Charlotte County works on reading, writing and lockdown drills

Published 4:53 pm Thursday, September 1, 2022

Getting your Trinity Audio player ready...

Years ago, going back to school in Charlotte County meant seeing friends, learning new things and the occasional fire drill that stopped classes and teachers ushered students outside. 

Today, things look different for students returning to school. Fire drills are still held, but schools across the Commonwealth are holding required lockdown drills.

Charlotte County Public Schools (CCPS) like all Virginia schools are required to complete at least one lockdown drill in the first 20 days of school and at least one additional drill after the first 60 days.

“These drills are conducted at the school level and occur on different dates for each school.,” CCPS Superintendent Robbie Mason said. “Each of our schools has conducted at least one lockdown drill at this point.”

Mason said the goal of lockdown drills are to prepare students and staff to lock down areas quickly and thoroughly should the need arise.

“Lockdown drills are a way to ensure that staff and students can successfully apply the lockdown procedures that we have in place for our schools,” Mason said. “These drills allow us to identify any deficiencies that may exist in our procedures or the execution of those procedures in specific locations in the school.”

Requirements for Charlotte County

The Code of Virginia Lockdown Drills § 22.1-137.2. states in every public school, there shall be a lockdown drill at least once during the first 20 school days of each school session. This is so students and teachers may be thoroughly practiced in such drills. Every public school shall hold at least two additional lock-down drills after the first 60 days of the school session.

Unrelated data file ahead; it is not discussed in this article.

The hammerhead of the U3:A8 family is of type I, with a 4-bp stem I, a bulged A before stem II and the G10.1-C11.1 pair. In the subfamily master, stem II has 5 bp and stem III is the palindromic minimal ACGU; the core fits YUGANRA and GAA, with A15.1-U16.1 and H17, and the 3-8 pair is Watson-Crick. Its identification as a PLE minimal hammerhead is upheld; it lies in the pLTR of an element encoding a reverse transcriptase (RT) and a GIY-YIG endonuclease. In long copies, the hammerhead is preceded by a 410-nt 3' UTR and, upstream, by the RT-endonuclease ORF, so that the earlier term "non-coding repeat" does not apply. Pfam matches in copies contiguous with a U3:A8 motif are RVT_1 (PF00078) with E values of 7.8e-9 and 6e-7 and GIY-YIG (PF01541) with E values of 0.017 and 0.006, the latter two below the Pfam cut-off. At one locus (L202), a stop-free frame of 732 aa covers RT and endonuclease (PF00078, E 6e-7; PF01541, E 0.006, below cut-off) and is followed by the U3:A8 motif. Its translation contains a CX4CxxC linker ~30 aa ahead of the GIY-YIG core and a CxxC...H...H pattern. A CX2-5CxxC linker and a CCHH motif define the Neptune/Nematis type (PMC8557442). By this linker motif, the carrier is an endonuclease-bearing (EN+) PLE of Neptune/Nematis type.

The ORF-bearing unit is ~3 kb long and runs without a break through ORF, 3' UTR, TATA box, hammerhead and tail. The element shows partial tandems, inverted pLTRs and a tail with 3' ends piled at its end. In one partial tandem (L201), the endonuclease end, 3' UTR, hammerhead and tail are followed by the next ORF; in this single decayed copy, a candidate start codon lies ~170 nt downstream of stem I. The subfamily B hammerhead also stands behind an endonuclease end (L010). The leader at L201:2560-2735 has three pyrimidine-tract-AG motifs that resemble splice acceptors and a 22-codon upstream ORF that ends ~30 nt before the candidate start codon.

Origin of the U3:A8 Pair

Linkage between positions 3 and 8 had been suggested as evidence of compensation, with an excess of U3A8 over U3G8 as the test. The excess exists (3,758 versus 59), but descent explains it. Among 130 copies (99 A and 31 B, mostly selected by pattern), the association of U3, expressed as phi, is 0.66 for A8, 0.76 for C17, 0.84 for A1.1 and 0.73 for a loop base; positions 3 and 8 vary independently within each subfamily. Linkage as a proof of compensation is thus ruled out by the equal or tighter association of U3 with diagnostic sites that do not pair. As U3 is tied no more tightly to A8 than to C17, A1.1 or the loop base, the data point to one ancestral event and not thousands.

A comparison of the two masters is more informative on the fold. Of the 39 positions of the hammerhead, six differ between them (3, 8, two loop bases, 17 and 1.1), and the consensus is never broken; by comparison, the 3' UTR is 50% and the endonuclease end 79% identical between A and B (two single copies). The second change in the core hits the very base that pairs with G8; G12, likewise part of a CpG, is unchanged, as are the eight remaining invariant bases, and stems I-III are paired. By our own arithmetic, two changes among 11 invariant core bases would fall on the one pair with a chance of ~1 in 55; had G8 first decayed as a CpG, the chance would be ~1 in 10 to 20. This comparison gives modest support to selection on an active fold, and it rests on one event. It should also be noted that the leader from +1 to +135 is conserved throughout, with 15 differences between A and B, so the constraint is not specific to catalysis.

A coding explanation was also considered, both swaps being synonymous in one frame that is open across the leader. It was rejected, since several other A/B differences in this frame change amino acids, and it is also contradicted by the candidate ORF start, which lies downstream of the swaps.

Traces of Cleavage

Pre-kindergarten and kindergarten students shall be exempt from mandatory participation in lock-down drills during the first 60 days of the school session.

Lockdown drills are exercises students and educators practice in the event that an intruder gains access to the school building or a threat is administered. These drills aim to remove students and school staff from the threat and keep the threat isolated from as many areas of the school as possible. Each school and state perform lockdown drills differently. Some schools administer either announced or unannounced active shooter drills, while others stick with classroom door lockdown drills without any simulation.

Another way schools are working to keep students safe is by employing school resource officers (SRO). 

The SRO provides a highly visible presence to deter or identify trespassers on school grounds. In addition, SROs provide a service to the surrounding community by addressing concerns such as loitering, running stop signs, or speeding in school zones.